Philosophia 39 (2):357-367 (2011)

In a recent article, Meghan Griffith (American Philosophical Quarterly 47:43–56, 2010) argues that agent-causal libertarian theories are immune to the problem of luck but that event-causal theories succumb to this problem. In making her case against the event-causal theories, she focuses on Robert Kane’s event-causal theory. I provide a brief account of the central elements of Kane’s theory and I explain Griffith’s critique of it. I argue that Griffith’s criticisms fail. In doing so, I note some important respects in which Kane’s view is unclear and I suggest a plausible way of reading Kane that makes his theory immune to Griffith’s objections.
Keywords Free will  Responsibility  Libertarianism  Robert Kane  Meghan Griffith
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DOI 10.1007/s11406-010-9298-x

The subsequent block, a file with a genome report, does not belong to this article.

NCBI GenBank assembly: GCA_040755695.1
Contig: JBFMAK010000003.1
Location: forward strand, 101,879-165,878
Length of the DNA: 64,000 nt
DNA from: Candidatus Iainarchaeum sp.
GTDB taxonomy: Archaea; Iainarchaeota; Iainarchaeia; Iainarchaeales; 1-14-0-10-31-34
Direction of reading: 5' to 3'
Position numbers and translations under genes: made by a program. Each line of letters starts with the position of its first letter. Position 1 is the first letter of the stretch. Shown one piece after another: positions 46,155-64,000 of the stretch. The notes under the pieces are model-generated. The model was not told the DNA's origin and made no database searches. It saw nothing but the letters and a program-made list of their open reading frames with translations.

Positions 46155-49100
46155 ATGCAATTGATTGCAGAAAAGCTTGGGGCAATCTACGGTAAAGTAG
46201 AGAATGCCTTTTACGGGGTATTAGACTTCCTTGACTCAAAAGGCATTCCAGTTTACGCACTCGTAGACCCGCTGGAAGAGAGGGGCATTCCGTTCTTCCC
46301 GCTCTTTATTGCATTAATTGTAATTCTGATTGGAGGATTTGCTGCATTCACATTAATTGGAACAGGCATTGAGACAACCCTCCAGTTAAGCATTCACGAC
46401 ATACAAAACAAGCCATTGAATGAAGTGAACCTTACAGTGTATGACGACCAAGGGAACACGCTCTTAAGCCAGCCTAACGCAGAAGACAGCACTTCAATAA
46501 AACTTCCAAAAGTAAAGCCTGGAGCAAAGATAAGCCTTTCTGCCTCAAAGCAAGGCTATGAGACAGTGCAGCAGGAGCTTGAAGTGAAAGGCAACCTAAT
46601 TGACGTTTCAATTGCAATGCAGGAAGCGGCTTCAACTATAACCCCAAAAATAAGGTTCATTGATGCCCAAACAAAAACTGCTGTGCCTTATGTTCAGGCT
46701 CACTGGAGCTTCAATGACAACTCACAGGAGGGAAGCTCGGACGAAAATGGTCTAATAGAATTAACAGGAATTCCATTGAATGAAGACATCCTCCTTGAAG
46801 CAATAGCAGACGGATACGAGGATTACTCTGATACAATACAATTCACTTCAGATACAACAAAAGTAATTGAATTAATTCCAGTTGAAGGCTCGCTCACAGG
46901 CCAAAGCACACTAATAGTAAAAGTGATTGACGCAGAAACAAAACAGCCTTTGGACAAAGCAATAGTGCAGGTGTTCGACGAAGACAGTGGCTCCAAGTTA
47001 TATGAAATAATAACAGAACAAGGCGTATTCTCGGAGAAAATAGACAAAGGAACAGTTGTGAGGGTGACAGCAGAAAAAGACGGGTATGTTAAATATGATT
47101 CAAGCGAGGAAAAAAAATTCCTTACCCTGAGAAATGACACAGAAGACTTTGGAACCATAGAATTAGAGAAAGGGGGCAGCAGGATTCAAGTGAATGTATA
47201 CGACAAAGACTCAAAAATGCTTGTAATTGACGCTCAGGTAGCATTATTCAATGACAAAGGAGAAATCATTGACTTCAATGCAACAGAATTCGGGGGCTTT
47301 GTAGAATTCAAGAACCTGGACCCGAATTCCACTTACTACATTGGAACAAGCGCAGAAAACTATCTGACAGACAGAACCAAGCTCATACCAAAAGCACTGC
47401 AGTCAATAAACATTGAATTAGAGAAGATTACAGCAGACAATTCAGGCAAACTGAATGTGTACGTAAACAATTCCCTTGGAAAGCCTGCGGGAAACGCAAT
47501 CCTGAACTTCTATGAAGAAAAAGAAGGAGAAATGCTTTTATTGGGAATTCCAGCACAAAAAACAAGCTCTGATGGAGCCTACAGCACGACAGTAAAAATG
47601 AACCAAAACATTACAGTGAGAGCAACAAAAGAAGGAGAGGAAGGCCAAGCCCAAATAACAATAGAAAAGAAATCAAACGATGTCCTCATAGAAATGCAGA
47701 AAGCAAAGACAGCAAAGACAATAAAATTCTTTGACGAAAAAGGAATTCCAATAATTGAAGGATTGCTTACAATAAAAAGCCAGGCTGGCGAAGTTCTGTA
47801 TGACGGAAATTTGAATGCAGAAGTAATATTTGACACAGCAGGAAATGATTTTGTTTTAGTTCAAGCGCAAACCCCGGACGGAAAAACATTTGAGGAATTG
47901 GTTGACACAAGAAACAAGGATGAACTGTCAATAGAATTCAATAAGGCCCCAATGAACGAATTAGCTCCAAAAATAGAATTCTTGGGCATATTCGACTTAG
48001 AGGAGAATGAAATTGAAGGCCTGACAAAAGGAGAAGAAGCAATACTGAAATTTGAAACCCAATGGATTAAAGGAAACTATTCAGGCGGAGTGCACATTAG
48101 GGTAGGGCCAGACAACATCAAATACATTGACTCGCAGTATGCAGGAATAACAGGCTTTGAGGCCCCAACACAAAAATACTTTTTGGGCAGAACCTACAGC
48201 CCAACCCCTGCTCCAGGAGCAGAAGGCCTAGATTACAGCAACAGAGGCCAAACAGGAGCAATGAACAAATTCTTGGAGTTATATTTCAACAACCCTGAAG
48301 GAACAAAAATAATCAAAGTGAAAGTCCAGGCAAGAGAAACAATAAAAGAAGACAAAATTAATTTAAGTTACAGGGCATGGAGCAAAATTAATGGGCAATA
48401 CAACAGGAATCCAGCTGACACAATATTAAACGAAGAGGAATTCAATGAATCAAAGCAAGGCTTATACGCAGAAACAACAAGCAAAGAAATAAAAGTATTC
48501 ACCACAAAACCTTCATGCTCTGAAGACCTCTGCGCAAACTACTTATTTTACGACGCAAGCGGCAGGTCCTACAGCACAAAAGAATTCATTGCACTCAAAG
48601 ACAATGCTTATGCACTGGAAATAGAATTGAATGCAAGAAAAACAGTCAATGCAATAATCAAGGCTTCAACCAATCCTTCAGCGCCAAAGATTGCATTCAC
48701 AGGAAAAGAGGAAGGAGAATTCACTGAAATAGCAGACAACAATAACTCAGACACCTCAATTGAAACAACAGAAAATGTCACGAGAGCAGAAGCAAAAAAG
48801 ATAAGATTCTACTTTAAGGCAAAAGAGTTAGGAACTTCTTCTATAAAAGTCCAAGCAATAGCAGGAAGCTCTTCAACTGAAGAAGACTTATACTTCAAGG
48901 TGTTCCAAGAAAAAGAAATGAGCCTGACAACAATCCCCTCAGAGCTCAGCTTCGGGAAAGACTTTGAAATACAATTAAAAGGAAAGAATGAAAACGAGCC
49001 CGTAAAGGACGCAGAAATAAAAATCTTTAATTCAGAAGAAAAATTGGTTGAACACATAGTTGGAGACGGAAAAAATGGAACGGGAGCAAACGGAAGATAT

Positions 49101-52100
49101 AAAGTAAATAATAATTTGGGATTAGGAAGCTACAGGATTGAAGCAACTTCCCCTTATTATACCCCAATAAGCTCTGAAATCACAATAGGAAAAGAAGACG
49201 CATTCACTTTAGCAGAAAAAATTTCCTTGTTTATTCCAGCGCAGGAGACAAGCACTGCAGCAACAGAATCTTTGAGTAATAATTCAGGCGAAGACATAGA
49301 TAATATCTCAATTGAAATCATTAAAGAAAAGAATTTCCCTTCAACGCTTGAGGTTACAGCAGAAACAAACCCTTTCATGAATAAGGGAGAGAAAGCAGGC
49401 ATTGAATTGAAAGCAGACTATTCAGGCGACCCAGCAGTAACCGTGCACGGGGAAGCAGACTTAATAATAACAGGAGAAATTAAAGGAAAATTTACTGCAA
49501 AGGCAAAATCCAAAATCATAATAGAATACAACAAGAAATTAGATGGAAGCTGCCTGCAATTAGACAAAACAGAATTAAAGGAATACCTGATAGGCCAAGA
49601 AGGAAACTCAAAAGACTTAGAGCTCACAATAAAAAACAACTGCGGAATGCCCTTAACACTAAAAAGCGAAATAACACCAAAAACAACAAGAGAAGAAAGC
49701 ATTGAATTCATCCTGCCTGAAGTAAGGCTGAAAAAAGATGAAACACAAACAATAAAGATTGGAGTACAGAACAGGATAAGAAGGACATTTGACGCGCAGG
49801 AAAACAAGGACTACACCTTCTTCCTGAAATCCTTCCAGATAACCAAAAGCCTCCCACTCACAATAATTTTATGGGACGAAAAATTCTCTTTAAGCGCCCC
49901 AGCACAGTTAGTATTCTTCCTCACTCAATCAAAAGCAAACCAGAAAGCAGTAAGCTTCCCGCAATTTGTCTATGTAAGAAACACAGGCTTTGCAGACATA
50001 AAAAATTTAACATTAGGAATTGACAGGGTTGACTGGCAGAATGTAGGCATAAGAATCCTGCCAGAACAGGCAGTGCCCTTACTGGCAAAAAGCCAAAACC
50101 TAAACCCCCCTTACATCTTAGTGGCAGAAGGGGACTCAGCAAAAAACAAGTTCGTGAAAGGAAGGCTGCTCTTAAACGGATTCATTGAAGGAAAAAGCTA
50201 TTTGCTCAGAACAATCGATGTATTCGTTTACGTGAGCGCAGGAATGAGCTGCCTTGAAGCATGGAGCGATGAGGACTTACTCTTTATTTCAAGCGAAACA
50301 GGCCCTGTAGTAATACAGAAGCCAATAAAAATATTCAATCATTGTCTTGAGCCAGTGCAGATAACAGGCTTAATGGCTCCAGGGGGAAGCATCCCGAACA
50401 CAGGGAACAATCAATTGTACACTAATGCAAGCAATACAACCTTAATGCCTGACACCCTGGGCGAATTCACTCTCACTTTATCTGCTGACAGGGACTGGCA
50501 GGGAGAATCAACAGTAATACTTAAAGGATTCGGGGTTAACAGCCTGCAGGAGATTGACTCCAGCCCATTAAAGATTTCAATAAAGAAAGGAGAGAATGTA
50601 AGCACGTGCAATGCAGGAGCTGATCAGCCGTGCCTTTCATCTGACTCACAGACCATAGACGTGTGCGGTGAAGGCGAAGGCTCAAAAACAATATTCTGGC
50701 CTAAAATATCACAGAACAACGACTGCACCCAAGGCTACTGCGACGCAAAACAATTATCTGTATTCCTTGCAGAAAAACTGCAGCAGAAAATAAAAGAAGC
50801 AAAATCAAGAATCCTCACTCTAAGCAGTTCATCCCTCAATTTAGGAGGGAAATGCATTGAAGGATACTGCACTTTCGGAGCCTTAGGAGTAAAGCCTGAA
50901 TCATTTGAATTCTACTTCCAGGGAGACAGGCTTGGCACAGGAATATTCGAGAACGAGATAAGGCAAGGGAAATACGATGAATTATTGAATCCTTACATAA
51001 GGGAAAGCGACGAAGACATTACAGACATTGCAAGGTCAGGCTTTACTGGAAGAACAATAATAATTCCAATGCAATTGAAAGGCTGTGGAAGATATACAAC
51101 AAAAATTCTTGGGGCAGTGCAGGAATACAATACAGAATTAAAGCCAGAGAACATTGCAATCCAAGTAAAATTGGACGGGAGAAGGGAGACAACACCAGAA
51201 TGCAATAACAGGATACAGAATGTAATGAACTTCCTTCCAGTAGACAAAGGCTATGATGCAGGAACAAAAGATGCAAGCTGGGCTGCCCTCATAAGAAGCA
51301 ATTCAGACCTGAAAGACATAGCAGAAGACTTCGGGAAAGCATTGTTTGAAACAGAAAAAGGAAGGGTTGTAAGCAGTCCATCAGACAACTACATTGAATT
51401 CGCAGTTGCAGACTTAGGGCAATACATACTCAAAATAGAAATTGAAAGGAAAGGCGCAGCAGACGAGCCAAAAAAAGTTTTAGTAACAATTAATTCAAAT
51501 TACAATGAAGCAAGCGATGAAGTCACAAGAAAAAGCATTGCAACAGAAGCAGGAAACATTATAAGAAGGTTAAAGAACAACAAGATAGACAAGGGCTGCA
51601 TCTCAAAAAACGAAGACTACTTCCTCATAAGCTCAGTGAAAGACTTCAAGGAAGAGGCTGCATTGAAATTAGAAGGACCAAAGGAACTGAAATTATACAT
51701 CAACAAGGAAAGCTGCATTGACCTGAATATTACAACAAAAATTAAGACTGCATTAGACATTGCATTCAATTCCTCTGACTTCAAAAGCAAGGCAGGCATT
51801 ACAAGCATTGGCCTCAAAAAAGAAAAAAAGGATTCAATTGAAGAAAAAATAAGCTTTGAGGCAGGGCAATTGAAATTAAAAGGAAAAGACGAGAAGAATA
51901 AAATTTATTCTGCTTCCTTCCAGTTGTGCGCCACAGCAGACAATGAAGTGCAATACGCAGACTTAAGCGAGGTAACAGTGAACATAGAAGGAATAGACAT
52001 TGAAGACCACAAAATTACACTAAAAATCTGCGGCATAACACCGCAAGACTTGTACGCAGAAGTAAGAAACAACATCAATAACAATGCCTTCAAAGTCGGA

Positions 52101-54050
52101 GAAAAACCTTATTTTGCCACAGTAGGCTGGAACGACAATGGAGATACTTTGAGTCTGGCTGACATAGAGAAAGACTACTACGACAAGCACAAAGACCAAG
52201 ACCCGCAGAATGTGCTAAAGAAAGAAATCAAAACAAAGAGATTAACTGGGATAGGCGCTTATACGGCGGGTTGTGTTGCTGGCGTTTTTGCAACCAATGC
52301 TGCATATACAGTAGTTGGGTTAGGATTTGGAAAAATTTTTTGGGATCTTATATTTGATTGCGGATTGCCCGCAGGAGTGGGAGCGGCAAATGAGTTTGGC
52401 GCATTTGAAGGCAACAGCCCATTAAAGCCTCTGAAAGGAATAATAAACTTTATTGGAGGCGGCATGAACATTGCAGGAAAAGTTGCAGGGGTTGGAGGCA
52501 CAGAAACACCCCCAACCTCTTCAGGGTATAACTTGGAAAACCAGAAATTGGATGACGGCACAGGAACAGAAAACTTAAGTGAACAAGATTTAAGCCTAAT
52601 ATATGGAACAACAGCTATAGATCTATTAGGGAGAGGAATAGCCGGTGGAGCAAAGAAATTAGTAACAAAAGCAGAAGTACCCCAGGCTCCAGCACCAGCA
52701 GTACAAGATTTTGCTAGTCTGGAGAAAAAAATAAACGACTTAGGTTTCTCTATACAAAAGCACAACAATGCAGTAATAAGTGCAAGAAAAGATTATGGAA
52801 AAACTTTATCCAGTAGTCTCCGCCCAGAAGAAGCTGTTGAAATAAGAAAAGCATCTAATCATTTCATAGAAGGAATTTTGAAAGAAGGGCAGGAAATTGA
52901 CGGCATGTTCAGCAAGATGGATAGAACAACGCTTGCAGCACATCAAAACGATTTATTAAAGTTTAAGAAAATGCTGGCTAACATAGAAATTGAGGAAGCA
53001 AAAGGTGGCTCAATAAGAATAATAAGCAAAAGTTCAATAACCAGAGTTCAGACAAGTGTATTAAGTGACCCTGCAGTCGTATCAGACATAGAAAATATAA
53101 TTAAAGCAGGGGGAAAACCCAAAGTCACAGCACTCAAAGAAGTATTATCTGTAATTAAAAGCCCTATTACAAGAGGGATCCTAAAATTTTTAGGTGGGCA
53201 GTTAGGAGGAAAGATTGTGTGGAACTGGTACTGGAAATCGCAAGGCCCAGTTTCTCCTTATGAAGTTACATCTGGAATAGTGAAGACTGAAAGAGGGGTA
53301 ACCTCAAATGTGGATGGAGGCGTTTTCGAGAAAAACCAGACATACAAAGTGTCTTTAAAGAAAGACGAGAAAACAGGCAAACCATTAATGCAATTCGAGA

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References found in this work BETA

The Significance of Free Will.Robert Kane - 1996 - Oxford University Press USA.
Free Will and Luck.Alfred R. Mele - 2006 - Oxford University Press.
The Oxford Handbook of Free Will.Robert Kane (ed.) - 2002 - Oxford University Press.
Free Will Remains a Mystery.Peter van Inwagen - 2000 - Philosophical Perspectives 14:1-20.

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Citations of this work BETA

Luck’s Extended Reach.Ishtiyaque Haji - 2016 - The Journal of Ethics 20 (1-3):191-218.

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